Dwight came to Vassar in 1878 after already having had a long and distinguished career. His primary training was in geology and mineralogy, but as the Theory of Evolution became to be more widely accepted, by the 1890s the department began to put more emphasis on the study of zoology. Dwight’s class in Paleontology only grew more popular as the years went on, and clearly he felt that the enhancement of the Natural History Museum’s collection added to the class.
In 1895, an excavation in Circleville, Ohio, recovered a partial mastodon skeleton, and Dwight talked with a Professor Moorehead at the University of Ohio about purchasing the Circleville mastodon for display at Vassar. The skeleton was purchased and rounded out with plaster casts and bones from approximately eight other mastodons. A femur and pelvis came from Indiana, and two complete tusks were purchased in Ontario. Taxidermists E.H. Eaton and A.P. Wilbur worked with Dwight on the project, taking measurements and casts of the Cohoes Mastodon in Albany to complete the skeleton. In 1902 the mastodon was completed and erected in the museum in the Museum (Avery Hall) as part of the college’s teaching collection. Dwight was clearly excited about the addition to the museum, as in 1897–1898 the Paleontology class placed special emphasis on extinct forms, and in 1899–1900 the senior seminar topic was “Extinct Vertebrae Fossils,” followed by “Advanced Paleontology of Fossil Vertebrae” in 1901–1902 and a course covering “characteristic forms of life and climate change” in 1902–1903.
Dwight retired in 1905, shortly after the mastodon was completed. The skeleton remained in Avery until 1918 when the museum was relocated to the New England Building, and the mastodon was installed as the centerpiece of the collection on the floor. Slowly over the years, however, the museum fell into disuse and fewer and fewer people remembered the origin of the mastodon. It remained in New England until 1986, gathering dust and growing slowly more forgotten, when someone, believing that the mastodon was nothing more than a plaster cast, left a note for the janitor on the third floor of New England building instructing him to promptly dismantle the nine-foot tall and twenty-foot long skeleton.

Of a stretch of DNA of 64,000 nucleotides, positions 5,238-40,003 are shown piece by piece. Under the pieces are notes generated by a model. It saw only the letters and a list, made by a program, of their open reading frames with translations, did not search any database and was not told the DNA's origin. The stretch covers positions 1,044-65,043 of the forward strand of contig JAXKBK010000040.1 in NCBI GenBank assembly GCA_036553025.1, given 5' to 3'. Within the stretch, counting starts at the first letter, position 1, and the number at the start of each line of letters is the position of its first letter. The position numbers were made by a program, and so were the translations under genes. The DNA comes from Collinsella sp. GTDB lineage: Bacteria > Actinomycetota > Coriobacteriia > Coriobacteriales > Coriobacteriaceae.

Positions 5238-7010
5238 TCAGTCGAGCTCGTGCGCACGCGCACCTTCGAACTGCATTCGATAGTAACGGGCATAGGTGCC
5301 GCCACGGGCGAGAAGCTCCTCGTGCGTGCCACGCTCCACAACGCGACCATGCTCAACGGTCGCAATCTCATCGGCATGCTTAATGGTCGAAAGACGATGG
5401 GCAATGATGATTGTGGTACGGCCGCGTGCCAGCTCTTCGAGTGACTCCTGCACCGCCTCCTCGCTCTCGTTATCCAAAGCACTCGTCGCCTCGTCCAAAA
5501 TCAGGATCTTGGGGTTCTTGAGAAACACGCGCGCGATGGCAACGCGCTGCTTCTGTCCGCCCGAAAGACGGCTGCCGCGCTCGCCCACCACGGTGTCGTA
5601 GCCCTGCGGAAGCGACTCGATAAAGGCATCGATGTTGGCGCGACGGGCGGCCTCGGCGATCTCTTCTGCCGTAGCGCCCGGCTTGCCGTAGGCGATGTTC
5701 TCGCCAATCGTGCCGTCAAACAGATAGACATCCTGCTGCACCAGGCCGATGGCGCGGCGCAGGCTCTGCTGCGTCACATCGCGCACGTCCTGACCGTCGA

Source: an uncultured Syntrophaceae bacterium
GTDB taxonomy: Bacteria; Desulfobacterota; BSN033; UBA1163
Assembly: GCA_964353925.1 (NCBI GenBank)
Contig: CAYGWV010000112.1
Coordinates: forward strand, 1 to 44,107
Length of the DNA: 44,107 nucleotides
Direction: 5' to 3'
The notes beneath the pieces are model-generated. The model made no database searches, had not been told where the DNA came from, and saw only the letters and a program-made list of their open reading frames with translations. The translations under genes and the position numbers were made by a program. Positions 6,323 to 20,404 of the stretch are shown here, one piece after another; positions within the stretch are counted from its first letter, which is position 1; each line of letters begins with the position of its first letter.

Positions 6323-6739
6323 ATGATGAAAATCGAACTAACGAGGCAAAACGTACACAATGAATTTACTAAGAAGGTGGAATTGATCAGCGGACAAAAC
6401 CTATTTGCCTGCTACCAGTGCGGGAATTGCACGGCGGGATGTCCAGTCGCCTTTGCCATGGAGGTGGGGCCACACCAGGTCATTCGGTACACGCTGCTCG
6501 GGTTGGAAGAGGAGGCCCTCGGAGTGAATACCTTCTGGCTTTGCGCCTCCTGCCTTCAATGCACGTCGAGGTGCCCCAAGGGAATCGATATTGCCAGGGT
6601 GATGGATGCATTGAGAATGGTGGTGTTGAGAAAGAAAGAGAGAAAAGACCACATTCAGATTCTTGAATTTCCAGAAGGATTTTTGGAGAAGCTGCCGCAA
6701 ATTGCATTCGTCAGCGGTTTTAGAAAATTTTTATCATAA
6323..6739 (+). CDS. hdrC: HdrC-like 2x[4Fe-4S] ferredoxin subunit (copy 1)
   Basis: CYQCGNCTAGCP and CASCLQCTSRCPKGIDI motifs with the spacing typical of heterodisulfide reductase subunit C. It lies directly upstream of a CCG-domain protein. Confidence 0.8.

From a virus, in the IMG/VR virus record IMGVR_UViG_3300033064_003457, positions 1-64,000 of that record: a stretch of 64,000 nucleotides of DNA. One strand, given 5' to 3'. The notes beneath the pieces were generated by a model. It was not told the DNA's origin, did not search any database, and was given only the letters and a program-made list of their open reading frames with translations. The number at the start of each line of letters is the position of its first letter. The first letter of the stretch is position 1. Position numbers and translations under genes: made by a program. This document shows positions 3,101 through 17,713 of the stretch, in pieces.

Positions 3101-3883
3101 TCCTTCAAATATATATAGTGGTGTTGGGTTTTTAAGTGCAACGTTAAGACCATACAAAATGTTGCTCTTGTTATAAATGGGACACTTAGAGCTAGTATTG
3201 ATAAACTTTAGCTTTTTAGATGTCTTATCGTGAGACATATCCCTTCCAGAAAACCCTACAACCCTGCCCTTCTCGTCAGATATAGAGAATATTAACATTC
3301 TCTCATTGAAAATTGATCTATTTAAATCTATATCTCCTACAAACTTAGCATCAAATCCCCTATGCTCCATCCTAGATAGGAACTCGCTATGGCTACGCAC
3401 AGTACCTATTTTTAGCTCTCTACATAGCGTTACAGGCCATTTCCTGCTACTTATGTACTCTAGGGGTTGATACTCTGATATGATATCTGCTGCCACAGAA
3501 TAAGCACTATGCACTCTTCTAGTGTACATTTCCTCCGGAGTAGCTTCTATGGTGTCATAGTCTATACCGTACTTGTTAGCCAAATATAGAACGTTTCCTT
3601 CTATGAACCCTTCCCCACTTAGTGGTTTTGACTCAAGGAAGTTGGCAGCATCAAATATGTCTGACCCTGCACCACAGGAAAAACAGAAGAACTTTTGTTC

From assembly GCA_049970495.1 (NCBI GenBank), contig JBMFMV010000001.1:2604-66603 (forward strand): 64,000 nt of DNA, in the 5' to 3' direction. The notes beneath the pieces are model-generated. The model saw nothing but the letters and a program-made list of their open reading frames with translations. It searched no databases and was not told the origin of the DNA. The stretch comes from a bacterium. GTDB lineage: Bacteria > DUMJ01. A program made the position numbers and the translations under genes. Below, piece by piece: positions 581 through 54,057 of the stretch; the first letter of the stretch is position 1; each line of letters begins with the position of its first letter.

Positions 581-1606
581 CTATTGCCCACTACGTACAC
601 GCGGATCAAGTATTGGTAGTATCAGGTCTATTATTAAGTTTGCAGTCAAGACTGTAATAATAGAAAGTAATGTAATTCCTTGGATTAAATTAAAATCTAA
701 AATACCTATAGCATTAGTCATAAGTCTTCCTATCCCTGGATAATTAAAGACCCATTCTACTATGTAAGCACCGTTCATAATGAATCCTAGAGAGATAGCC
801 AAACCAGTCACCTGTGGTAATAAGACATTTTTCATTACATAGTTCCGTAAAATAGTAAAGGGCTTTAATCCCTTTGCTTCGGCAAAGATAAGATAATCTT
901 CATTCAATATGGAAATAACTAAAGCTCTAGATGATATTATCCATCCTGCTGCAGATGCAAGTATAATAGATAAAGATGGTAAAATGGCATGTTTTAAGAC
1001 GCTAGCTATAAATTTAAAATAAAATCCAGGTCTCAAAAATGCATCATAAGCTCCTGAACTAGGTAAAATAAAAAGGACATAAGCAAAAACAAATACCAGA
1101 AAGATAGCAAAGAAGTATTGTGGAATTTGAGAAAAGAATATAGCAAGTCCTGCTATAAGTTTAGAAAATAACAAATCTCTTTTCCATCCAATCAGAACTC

Fortunately for the mastodon, an art professor saw the note and contacted someone at the Museum of Natural History in Manhattan, who told him of the skeletons’ value and proposed the State University at New Paltz as a possibility for its new home. The professor spoke to Russell Waines, a Professor of Geology at New Paltz, who agreed to take it. The mastodon was dismantled and the bones were transported across the river to New Paltz. Waines had many plans for the mastodon, including an “adopt a bone” fundraiser and a display featuring Native Americans with spears in a hunting scene, but lack of funding and a wealth of bureaucracy impeded his efforts, and the bones remained scattered and unassembled in the basement of the New Paltz Geology building.
Renewed interest in the mastodon was sparked at Vassar in 1999 when Hyde Park resident Larry Lozier uncovered a bone while deepening a pond in his backyard. The bone proved to be the upper forelimb of a mastodon, and the rest of the skeleton was uncovered in August 2000, with help from a team of volunteers that included members of the Vassar geology department.
Acampara, Denise Marie. “Tracking the Mastodon from Vassar College.” SUNY New Paltz Newsletter, January 1989.
Hoffman, Mala. “Them Bones, Them Bones, Them Mastodon Bones.” Ulster Magazine, Winter 1999.
Lipeles, Jason. “Vassar Mastodon Bones Face Uncertain Future.” Vassar Miscellany News, January 28 2005.
JL and JLD, 2005